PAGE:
hi so I am a complete beginner and I wanna buy a midi keyboard because its cheaper than a normal electric piano. I have a question I don't have a computer now, can i play a midi keyboard without a computer but only with a audio interface and headphones if not what is required to play my midi keyboard without a computer (as cheap as possible) thanks

  • This is somewhat confused. A midi controller keyboard makes no noise of its own. It sends only midi data to something capable of acting on that; a computer or tone module. As it has no audio capability itself, an audio interface is no use to it. – Tetsujin Jul 20 '19 at 14:44
  • After your edit - 'as cheap as possible' would be a keyboard that can make its own sounds. Controller keyboards are designed for musicians with more complex setups. – Tetsujin Jul 20 '19 at 14:47
  • ok so I have to have a computer do I need some kind of software in the computer to make the sounds from a midi keyboard? – simas289 Jul 20 '19 at 14:50
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    Yes. So far we can't tell you what kind of software, obviously. You may need to read some FAQs and general guides before asking a particular question here -- that's what these Q&A sites are better at. – Camille Goudeseune Jul 20 '19 at 14:53
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    I think you need to go & do some research. This is far too broad & we can't do 20 questions until we hone down what you think you may need vs what you actually need/can afford. – Tetsujin Jul 20 '19 at 14:56

No, a MIDI keyboard on its own makes no sound. Usually these are called MIDI “controllers”. These days, MIDI controllers are generally designed to work well with computers and specifically certain software packages. For example, the Arturia KeyLab controllers work especially well with the Arturia software synthesizer apps, and will also integrate with other popular software like Ableton Live and ProTools.

All a MIDI controller does is generate MIDI signals. You can’t listen to MIDI, it’s not sound. MIDI is sort of like the computer equivalent of sheet music: it’s just a bunch of note data that has not been turned into sound yet.

To turn MIDI into music, you need one or more MIDI sound modules. A sound module is anything that accepts MIDI data and plays sounds based on that MIDI data. There are many physical boxes that are MIDI sound modules, and computers can have software installed that make them into sound modules also.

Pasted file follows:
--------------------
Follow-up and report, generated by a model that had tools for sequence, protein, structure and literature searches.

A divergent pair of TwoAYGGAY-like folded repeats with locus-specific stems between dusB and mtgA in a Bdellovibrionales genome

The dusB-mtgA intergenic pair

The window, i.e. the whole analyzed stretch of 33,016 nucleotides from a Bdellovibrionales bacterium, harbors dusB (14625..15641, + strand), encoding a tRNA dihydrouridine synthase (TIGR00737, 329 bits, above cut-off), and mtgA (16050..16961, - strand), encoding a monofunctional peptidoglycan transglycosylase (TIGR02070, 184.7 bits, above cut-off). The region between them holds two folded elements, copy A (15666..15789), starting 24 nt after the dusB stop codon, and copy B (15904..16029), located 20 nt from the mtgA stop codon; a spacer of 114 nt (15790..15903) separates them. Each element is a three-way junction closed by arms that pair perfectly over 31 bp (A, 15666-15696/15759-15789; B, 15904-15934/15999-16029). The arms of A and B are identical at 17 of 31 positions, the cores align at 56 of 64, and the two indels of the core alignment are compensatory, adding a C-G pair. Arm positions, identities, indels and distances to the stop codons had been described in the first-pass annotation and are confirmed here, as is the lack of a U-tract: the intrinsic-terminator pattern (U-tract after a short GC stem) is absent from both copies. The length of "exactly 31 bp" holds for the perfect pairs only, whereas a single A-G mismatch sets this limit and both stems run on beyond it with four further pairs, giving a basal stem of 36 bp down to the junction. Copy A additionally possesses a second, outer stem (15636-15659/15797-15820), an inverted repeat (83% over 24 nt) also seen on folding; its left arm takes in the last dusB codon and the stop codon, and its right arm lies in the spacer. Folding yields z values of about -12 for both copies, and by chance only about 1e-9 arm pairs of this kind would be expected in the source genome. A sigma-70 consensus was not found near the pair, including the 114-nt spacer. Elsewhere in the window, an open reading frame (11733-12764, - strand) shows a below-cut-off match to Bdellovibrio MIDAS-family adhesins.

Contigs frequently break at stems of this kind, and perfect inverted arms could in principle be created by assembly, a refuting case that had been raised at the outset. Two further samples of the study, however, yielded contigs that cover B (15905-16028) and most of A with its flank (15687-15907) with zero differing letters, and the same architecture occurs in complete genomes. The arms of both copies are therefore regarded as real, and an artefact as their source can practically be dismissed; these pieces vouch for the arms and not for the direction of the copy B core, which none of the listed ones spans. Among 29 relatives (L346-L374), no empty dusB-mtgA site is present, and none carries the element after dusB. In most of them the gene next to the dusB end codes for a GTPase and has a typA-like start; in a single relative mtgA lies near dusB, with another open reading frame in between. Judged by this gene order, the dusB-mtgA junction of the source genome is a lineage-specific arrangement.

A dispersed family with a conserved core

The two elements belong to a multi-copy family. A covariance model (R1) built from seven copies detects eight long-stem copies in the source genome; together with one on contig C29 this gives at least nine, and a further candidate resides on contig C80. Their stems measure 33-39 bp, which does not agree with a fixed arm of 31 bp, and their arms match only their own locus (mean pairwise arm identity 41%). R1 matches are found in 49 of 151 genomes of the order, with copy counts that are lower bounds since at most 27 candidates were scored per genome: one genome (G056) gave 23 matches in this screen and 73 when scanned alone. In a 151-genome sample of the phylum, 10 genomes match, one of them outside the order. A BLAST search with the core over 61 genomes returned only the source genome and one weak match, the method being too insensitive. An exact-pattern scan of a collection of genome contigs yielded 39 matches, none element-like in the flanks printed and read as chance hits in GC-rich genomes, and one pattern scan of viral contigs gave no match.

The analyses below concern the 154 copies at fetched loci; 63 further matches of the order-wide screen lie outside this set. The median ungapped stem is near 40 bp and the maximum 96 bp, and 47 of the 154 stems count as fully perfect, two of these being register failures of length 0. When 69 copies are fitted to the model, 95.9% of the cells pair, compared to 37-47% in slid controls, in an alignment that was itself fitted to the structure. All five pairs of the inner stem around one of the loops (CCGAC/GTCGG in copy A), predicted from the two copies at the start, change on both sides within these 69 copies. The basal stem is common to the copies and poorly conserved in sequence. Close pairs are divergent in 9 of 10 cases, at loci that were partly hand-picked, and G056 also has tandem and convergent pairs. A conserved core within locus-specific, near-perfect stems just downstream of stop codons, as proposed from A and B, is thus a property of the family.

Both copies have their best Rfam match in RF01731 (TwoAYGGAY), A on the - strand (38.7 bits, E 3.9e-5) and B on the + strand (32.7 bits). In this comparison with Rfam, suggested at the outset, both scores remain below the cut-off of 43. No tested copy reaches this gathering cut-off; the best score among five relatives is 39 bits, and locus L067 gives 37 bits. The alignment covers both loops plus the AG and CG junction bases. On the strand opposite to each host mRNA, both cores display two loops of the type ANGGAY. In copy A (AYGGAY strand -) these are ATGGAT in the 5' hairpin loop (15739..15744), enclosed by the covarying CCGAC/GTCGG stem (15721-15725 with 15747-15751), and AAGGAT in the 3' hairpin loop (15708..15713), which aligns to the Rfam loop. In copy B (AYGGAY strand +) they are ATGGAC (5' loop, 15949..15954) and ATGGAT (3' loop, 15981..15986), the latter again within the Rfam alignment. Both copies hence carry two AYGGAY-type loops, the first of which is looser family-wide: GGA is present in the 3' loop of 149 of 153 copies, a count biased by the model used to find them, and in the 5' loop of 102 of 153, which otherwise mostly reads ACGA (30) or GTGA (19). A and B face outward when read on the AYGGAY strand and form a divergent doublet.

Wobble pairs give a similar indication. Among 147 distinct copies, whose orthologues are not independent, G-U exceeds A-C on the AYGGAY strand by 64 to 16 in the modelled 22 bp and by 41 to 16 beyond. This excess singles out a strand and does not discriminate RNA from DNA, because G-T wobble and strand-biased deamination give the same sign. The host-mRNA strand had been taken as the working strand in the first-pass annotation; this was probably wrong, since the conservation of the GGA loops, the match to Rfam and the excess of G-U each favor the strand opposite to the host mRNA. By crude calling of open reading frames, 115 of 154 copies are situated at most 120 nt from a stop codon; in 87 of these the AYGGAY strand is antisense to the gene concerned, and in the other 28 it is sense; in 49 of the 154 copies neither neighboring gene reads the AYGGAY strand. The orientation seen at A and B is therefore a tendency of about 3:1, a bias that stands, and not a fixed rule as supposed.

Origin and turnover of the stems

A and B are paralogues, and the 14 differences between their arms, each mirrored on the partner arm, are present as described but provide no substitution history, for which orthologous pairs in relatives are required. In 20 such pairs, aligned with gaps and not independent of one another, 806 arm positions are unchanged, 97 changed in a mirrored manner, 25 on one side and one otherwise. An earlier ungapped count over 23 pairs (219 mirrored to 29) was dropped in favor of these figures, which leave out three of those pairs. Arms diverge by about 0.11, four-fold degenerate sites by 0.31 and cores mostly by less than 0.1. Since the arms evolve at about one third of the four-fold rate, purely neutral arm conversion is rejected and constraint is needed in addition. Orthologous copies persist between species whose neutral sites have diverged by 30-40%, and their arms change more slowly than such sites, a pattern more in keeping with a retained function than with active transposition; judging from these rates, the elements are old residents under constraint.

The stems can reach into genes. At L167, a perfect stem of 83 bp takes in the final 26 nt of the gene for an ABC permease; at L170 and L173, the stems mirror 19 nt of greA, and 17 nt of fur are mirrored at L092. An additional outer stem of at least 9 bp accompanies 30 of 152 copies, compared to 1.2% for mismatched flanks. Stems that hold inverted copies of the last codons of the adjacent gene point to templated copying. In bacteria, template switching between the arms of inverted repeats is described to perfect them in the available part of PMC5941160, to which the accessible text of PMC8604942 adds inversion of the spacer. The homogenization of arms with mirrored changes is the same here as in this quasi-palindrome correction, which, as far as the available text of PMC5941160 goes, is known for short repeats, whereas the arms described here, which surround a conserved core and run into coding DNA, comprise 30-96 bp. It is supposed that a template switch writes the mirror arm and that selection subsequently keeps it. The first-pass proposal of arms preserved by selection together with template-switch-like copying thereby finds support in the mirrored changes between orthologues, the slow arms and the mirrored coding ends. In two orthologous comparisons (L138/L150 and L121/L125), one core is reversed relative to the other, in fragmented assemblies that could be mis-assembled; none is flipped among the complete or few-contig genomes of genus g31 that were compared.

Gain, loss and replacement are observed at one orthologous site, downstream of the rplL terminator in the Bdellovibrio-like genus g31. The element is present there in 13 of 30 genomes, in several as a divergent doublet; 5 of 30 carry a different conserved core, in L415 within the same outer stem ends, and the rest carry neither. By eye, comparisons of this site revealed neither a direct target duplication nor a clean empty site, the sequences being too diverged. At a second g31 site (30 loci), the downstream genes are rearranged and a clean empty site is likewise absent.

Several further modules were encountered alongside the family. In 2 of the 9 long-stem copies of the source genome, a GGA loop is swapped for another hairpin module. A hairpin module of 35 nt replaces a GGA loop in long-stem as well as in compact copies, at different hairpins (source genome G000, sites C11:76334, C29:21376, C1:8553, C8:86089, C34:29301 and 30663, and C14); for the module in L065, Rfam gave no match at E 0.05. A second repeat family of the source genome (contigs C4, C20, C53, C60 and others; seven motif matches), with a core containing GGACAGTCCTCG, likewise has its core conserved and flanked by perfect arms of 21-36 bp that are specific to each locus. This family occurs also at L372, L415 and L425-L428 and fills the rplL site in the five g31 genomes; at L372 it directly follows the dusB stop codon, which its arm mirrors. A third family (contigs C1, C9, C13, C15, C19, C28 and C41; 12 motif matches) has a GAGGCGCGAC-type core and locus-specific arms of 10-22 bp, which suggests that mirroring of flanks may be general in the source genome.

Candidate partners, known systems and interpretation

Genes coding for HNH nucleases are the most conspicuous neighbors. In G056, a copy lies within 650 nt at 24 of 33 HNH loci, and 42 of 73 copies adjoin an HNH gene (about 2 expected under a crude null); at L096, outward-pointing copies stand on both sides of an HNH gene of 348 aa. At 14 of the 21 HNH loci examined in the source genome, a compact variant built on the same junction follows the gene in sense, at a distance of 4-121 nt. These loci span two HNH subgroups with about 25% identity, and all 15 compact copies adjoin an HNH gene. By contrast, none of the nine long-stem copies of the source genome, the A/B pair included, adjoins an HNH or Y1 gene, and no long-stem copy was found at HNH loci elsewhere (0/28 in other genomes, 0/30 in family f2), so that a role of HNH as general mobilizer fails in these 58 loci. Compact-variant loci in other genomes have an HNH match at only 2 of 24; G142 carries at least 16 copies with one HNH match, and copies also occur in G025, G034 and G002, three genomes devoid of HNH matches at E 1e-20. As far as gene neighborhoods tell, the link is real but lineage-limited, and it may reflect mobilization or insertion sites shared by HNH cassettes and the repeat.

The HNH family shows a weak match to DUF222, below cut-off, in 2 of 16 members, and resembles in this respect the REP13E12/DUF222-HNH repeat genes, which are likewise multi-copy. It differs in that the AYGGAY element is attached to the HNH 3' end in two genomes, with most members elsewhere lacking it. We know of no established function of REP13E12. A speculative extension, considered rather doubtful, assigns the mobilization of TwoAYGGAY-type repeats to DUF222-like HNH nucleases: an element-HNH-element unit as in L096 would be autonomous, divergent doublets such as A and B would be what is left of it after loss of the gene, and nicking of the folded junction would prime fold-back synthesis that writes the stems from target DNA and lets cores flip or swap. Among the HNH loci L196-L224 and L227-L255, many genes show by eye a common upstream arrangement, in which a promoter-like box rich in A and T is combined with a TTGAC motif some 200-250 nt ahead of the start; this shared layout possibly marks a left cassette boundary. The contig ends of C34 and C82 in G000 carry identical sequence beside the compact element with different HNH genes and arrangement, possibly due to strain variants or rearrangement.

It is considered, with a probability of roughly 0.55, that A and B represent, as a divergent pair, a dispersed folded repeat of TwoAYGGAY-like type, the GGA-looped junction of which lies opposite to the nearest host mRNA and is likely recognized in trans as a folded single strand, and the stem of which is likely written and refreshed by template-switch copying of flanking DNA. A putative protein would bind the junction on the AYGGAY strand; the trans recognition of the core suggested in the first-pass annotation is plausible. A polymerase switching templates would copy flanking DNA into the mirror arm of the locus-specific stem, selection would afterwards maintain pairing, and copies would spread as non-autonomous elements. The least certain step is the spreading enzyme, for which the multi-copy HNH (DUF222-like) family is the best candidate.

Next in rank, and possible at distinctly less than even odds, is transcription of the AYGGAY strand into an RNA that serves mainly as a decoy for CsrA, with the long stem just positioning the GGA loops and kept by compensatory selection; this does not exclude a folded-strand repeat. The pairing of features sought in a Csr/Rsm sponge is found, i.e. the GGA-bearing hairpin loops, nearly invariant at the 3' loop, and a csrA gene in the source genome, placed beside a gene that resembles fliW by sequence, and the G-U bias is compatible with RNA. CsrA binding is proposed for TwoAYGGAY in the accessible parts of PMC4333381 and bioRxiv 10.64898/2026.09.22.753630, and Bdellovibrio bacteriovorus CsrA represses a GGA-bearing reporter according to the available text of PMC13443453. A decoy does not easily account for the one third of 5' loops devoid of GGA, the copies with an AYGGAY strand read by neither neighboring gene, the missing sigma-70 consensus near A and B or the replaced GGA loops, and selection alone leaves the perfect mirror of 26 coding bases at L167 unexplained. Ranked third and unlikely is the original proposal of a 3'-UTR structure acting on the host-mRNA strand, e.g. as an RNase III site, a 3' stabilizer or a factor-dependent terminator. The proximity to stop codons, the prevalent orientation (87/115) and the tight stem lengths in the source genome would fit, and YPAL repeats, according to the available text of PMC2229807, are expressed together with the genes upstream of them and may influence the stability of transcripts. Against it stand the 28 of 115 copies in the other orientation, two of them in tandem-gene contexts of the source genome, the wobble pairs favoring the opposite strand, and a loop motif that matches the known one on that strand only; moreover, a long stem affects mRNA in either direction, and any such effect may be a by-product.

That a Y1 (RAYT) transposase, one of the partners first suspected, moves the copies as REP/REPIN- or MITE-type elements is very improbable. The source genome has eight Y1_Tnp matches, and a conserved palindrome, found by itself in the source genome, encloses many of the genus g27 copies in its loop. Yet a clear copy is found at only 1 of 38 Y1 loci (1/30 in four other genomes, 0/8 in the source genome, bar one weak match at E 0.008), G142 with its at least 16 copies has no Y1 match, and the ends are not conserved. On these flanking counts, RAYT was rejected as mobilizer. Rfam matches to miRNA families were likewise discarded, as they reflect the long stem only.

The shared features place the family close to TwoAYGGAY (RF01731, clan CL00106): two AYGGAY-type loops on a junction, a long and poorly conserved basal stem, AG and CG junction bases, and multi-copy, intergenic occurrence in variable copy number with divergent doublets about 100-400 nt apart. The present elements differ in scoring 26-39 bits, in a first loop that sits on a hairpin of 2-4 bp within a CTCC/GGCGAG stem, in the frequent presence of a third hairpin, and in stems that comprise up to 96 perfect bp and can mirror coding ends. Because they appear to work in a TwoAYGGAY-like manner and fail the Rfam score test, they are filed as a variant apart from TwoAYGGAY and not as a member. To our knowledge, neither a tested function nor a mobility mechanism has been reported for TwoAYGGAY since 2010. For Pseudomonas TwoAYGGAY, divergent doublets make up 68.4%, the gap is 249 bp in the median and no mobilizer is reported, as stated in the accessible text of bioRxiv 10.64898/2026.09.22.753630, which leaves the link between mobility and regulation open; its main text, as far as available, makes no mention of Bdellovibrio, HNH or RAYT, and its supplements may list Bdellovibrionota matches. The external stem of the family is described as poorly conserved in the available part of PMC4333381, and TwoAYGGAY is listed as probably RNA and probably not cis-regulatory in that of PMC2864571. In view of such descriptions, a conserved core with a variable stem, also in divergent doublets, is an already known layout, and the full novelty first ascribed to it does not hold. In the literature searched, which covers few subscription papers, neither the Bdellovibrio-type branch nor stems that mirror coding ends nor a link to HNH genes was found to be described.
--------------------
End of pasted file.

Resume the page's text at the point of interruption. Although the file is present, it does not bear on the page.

The cheapest way to have a keyboard that makes sound is buying an all-in-one keyboard and sound module. There are several options for affordable synthesizers and digital pianos that are less than the midrange MIDI controller and don’t require a computer or anything else. One note: a lot of musical equipment does require a separate amplifier or headphones to be able to hear the audio.

Your best course of action might be to see what you’ve got saved up, establish a budget, and then go to a reputable music retailer and explain what you want and your firm budget limit.

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Any electric keyboard sold today will have MIDI. It will be capable of being used as a MIDI controller with something ELSE making the sound. 20 years ago the 'something' might well have been a stand-alone 'sound module'. Now it's probably going to be a computer.

If the keyboard is sold as a 'MIDI controller', that's very likely ALL it does. As you talk of wanting something 'cheaper than an electric piano', that's probably the sort of keyboard you're thinking of getting.

But a 'piano' has 88 notes, weighted keys... There are smaller, lighter, cheaper keyboards than that which still have onboard sounds and even internal speakers. You might well consider getting one of these. It all depends on what you want to do.

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You don't need a computer, but you do need some sort of sound source (iPhone, iPad or other smartphone/tablet, or a standalone hardware synthesizer module that works directly with MIDI controller keyboards) that is not your MIDI controller keyboard (assuming you're buying a keyboard that doesn't come with sounds pre-loaded). For example, I sometimes use the following setup on the road:

  • iPhone 7 Plus running Garageband or any other music app compatible with MIDI

  • Akai Professional MPK 225 (MIDI controller keyboard with no pre-loaded sounds) — this is one of the more expensive controllers for its size but I got it because it comes with a lot of features I wanted (arpeggiator, drum pads, full size keys, really nice keyboard action); you can definitely go much cheaper

  • USB-A to USB-B cable

  • Apple Lightning to USB Camera Adapter (to connect the phone to the keyboard)

  • Insignia Universal AC Adapter (extra power for the keyboard)

    Works perfectly fine, a little bit of latency maybe.

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